Spray a 9×5 loaf pan, with cooking spray and add the banana bread mixture and even out with an offset spatula. Bake for 50-60 minutes, tenting with foil the last few minutes to avoid too dark a crust.

Allow to cool for 10 minutes and turn out onto a wire rack. Enjoy!

in this city of mine: pistachio coconut banana loaf

You know what the bush is about? It’s about massive trees that have been standing there for thousands of years… and bugs that’ll be dead before the minute’s out. It’s big trees and pissy little bugs. And everything knows its place in the scheme of things. Everything… everything sits in the order somewhere. Things survive because they’re strong, and everything reaches an understanding. But not everything survives because it’s strong. Some creatures are weak, but they survive because they’re being protected by the strong for one reason or another. You may think that, because of the circles you move in or whatever, that you’re one of the strong creatures, but you’re not, you’re one of the weak ones. That’s nothing against you, you’re just – you’re just weak because you’re young. But you’ve survied because you’ve been protected by the strong. But they’re not strong anymore, and they’re certainly not able to protect you. We’re here because we know who you are and we know what you’ve done. You’ve got to decide. You’ve got to work out where you fit. — Leckie, “Animal Kingdom”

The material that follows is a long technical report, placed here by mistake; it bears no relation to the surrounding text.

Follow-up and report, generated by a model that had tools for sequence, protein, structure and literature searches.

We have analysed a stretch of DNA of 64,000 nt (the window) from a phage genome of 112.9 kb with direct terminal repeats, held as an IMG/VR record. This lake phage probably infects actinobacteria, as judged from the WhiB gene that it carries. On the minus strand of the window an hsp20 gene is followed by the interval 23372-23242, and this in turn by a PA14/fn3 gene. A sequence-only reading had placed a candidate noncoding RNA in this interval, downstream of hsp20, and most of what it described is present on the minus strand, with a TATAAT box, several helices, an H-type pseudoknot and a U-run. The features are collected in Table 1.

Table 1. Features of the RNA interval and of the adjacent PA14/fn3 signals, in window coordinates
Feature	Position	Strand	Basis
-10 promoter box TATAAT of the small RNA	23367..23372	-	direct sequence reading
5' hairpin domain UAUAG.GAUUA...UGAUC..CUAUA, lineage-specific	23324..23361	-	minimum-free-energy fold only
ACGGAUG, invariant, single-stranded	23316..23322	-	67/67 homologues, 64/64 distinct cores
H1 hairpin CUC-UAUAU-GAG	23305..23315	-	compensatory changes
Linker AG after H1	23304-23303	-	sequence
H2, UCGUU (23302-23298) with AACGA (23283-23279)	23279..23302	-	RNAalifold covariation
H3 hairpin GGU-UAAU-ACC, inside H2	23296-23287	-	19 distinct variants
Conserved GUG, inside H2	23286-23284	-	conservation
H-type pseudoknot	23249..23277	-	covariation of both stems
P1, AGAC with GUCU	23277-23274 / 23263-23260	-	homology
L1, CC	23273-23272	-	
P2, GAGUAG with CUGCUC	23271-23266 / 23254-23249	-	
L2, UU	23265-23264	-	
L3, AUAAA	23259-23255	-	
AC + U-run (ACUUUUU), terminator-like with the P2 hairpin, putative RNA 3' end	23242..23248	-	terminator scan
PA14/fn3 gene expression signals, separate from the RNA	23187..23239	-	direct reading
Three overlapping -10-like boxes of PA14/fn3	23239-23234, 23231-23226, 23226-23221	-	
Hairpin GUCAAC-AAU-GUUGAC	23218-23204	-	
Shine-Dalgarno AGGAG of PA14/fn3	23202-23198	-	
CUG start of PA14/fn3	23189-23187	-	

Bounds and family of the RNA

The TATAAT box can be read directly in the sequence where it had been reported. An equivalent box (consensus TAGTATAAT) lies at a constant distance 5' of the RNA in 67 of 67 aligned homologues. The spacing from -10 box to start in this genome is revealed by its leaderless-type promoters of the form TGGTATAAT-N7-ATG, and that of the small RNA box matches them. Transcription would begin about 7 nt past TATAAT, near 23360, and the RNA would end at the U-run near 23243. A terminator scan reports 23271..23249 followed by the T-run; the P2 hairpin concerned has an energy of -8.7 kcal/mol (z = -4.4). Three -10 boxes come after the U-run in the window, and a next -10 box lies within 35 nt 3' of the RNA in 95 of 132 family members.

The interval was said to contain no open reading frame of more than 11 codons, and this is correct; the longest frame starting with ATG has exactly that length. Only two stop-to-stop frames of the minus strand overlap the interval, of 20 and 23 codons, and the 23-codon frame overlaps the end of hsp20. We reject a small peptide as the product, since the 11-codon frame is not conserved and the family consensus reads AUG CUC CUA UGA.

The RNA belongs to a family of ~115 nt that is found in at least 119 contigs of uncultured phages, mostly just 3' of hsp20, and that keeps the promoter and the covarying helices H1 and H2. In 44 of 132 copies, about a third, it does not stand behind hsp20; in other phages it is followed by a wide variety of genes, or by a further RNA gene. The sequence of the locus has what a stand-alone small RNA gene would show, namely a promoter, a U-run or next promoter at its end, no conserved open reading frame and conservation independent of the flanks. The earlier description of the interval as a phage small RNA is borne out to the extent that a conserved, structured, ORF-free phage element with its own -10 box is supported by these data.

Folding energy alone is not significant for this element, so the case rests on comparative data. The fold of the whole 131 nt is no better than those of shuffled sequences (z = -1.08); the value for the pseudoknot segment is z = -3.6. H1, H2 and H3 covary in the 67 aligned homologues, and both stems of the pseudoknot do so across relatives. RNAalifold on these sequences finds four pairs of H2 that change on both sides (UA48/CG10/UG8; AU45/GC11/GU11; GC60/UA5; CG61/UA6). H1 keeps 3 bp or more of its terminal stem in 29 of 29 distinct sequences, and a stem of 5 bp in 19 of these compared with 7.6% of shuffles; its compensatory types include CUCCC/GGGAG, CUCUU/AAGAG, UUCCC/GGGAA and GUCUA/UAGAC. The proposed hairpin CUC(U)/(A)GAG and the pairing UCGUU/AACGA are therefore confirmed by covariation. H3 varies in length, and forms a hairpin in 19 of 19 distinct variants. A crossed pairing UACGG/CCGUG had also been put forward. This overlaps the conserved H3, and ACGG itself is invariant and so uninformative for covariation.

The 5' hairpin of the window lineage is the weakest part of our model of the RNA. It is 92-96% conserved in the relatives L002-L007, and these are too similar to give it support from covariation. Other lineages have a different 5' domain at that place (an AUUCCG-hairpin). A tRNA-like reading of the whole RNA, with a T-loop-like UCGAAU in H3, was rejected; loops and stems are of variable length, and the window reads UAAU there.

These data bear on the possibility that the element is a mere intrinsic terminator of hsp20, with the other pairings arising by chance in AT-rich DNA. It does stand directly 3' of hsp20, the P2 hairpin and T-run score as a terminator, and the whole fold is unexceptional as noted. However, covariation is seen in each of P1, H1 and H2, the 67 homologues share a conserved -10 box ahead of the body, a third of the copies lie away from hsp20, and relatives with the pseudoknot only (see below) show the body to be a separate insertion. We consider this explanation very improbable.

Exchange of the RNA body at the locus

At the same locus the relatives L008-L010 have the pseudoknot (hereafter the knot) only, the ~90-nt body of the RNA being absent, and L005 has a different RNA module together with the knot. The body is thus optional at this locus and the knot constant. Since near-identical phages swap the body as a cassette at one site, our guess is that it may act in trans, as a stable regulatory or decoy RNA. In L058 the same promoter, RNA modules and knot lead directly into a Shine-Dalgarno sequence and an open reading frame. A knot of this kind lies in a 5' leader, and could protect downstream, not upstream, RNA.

Sometimes there is a river, and there’s only you getting lost in the depths of it. The dream remains the same with minor variations. We had all that we wanted but we were determined to ruin. Scatter ourselves like ashes. Our hearts were a metronome although we struggled to keep time to the beat. The waves receded, and we saw the water carry you out into the ocean. Home. They called this your embalming. We painted your lips a shivering blue and lay you down on the shoreline, waiting for the chrysalis. Your body a pleasant ticker tape of white — a bandaid for the living, some said. Soon the soil would blanket you and you demanded a watering. Come spring, you would sprout up from the earth anew because this is what we’d promised you.

Meanwhile, in the city, all the bridges collapsed because they could no longer bear all the pain. This frightened us because the bridge was the strong, it protected us from the river, and now look what happened! All the cars inching forward, the motley lot and their white-knuckled grip and beeping phones and flickering lights, we wondered how life could undo so many. We kept this from you because we practiced anxiety for a living and didn’t want you in the family business. Also, we were secret-keepers.